Python, Music, Laziness


Concept, with zzr (UPD: in development).

Organizer. A flexible information management platform.
Python, Tool, Doqu


A personal information manager (PIM) with a single dashboard for all tasks, without the need to manually synchronize it with other tools and/or constantly switch contexts.


  1. Person-oriented
  2. Methodology agnostic
  3. Distributed collaboration
  4. Easy import/export

Principles, explained

1. Person-Oriented

The software collects everything a person needs to stay organized. The person can see on the single page all his/her tasks, reference materials and projects (s)he is involved into.

  1. This principle is in contrast with project-centric, company-centric or methodology-centric approaches when user data is spread around many mutually incompatible systems and the user has to constantly switch between contexts and therefore lose focus.
  2. This principle is also in contrast with provider-oriented approach when a single service provider stores all user work-related data (email, tasks, documents) and provides its own tools for data management. While this may seem convenient, a) the user is bound to the service provider and sometimes does not really own his/her data, i.e. is unable to retrieve data in a format suitable for data reuse; b) the tools may not match user needs but no reasonable way to modify these tools is provided; c) privacy issues may raise.

Users should be able to install the organizer software wherever they want, modify it the way they want and enjoy privacy.

2. Methodology Agnostic

There are various methodologies for project- and time-management. To name few: Getting Things Done (GTD), Extreme Programming (XP), Scrum. Each methodology defines its own philosophy, scope, values, abstractions (models), roles and processes. None of them can be considered universal: for personal use GTD is perfect and SCRUM is irrelevant; in software project management GTD is rather weak (and irrelevant for teamwork) but SCRUM is just fine. But both GTD and SCRUM deal with the same core concepts: project, goal, action. Moreover, every SCRUM-driven project is a wrapper for product owner’s goals and developers’ goals/actions. It provides the common ground for personal activity scopes. The product owner wants to see if his goals are completed; developers want to see what next actions they’ve got. The SCRUM wrapper is essential for planning but may not be the best tool to track goals and actions as integral parts of someone’s personal life (and we all are first of all individuals, and then developers or investors).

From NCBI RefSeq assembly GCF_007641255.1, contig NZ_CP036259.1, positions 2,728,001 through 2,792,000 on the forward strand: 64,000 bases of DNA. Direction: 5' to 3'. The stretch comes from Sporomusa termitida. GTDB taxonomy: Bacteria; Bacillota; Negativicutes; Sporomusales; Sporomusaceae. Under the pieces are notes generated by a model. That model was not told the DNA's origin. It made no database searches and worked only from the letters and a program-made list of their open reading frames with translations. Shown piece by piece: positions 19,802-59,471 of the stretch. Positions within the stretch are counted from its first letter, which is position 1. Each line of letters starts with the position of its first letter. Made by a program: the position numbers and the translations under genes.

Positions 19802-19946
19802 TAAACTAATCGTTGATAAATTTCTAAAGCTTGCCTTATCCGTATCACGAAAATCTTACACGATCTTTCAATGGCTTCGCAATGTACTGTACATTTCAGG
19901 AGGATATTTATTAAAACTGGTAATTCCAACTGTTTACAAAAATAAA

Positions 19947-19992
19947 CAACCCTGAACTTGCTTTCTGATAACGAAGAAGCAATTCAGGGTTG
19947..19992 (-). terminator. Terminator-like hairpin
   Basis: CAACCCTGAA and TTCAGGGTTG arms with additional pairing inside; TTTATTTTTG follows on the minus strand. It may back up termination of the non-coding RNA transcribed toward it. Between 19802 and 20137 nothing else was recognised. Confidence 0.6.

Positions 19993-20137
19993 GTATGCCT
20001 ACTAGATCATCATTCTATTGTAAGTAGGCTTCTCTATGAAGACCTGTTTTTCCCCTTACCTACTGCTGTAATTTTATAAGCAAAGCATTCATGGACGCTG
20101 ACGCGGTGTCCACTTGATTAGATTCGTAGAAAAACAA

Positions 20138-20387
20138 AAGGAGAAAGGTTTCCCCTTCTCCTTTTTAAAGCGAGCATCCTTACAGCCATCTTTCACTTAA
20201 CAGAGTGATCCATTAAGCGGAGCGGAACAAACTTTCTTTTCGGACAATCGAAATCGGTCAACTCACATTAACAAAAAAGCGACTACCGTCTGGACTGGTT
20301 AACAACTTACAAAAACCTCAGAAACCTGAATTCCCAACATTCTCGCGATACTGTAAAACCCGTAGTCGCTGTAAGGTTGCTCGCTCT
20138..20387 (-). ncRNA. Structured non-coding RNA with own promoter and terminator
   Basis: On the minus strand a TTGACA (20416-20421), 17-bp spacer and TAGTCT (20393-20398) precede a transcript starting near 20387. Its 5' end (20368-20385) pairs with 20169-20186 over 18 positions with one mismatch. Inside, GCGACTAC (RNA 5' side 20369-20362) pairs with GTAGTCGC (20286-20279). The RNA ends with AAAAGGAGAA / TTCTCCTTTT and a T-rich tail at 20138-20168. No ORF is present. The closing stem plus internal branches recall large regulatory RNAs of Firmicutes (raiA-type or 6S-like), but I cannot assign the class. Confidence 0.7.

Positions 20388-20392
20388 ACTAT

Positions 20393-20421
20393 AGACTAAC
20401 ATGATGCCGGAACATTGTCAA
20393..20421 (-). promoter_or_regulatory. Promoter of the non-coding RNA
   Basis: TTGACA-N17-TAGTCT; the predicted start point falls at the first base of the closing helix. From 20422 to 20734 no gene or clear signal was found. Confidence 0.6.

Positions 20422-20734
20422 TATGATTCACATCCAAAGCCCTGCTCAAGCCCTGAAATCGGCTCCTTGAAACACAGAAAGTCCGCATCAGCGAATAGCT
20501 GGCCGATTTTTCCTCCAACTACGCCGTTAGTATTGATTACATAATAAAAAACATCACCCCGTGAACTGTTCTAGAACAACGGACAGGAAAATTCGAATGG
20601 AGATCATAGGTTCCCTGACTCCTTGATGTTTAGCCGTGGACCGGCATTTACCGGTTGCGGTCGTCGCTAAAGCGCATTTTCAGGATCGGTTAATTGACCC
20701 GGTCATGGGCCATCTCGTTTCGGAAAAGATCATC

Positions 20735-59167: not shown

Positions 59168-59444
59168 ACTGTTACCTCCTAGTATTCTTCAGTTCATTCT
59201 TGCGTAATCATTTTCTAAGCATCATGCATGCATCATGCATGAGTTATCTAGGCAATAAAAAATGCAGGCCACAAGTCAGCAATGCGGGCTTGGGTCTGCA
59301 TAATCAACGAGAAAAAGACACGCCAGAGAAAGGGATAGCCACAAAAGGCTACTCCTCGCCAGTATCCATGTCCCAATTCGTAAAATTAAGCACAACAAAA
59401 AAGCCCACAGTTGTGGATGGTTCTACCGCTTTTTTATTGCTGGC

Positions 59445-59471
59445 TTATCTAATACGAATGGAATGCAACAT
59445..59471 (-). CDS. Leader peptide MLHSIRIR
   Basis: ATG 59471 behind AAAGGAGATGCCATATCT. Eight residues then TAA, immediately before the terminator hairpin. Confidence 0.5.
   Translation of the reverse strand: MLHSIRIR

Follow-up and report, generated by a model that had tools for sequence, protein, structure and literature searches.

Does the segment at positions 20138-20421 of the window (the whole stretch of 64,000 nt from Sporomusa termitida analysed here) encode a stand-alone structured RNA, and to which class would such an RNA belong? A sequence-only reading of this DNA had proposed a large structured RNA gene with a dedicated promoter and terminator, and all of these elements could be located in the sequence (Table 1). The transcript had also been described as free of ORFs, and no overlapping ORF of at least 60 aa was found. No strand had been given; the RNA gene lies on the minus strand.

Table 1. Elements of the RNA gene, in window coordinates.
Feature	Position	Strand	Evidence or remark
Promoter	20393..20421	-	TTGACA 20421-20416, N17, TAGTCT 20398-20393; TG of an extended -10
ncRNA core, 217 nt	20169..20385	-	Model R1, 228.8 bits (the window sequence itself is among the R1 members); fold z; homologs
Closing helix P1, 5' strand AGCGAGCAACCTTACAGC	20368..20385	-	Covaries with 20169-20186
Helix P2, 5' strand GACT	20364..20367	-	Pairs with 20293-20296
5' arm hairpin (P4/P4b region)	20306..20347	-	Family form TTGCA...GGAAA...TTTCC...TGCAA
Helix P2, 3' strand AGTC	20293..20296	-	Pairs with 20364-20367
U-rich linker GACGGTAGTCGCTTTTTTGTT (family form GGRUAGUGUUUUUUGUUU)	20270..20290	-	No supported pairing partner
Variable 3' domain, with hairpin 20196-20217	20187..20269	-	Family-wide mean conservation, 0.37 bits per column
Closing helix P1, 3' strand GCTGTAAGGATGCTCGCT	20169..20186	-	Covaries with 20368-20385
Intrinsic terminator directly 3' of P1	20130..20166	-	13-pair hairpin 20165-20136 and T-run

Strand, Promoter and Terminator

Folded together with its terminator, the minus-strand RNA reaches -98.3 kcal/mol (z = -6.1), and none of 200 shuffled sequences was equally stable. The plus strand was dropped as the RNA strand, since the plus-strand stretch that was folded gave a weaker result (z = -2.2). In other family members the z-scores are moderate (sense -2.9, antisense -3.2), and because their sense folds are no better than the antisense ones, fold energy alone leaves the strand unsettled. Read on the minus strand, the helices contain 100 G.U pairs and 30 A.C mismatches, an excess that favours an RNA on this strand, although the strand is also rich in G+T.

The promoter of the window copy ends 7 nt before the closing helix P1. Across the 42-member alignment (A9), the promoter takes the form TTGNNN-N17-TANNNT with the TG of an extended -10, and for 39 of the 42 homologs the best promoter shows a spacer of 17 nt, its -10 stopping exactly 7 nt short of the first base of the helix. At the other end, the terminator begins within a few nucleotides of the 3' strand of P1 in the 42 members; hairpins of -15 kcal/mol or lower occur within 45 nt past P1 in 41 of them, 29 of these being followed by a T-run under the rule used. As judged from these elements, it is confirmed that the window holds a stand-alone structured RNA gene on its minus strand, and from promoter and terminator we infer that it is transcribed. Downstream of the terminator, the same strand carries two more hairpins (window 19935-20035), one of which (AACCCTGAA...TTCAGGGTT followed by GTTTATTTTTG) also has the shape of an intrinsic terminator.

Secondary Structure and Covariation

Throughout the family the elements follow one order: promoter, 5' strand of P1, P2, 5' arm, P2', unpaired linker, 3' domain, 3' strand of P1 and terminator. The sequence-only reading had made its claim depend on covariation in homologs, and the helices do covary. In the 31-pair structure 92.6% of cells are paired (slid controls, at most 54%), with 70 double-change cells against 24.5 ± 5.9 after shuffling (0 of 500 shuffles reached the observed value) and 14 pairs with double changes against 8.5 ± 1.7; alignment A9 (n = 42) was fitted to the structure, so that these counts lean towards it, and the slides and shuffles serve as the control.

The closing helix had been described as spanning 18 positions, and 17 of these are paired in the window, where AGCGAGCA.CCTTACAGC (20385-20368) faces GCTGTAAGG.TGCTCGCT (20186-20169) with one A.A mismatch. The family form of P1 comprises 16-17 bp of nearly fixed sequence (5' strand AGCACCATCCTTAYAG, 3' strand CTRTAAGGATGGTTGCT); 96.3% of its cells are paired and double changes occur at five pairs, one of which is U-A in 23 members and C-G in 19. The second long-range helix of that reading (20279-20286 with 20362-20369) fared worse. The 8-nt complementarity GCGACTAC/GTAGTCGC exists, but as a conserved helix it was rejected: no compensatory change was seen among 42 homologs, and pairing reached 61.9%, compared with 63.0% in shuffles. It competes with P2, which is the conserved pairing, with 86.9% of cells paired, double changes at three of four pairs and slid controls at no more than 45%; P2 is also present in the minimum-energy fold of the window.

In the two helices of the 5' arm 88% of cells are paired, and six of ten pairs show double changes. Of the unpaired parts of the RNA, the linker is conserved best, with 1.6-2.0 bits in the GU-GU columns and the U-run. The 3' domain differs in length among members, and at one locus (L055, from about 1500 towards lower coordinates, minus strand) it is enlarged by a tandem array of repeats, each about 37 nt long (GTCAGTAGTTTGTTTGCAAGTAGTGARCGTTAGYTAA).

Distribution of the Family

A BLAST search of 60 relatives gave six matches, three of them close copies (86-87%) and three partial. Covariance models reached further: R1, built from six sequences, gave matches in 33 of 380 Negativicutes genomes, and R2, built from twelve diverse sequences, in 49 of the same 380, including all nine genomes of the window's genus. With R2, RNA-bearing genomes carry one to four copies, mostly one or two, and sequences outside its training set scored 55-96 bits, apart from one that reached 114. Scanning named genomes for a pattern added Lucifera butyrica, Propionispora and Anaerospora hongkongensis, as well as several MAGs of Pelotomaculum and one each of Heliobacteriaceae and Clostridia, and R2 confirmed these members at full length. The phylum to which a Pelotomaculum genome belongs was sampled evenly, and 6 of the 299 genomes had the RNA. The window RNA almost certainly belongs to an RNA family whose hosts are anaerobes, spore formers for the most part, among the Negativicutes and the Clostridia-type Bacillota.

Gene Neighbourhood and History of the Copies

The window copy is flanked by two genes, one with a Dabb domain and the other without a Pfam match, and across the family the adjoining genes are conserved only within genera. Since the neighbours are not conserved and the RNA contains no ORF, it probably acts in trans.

A universal organizer should not impose a methodology; on the contrary, it should support all of them. This can be achieved by using a basic set of workflow-related models (the core) and pluggable applications with key models inherited from the PIM base (the «perspectives», like in Eclipse).

3. Distributed Collaboration

We could implement this PIM as a single service with web interface. But consider these use cases:

  1. John wants to work offline with a GUI (e.g. desktop Django+PyQt+SQLite package)
  2. John works for a company with its own organizer repository. John wants to pull new tasks from that repository (to his desktop) and push changes back.
  3. John wants to share a calendar item with Mary; she accepts it (adds to her calendar), edits the time and saves; John now sees the updated version in his calendar.

This leads us to the idea of distributed event/goal/etc. data storages; each repository contains unique private or public data and caches some data from remote storages. This is a bit like DVCS with the exception that the organizers should cache only some data from remote repositories. Also, more granular (per-instance, not even per-model) access is necessary.

4. Easy Import/Export

In order to be comprehensive, the organizer should provide a small framework to write import/export scripts the easiest possible way. Of course the developer will have to handle remote API but probably in the form of callbacks and/or metadata.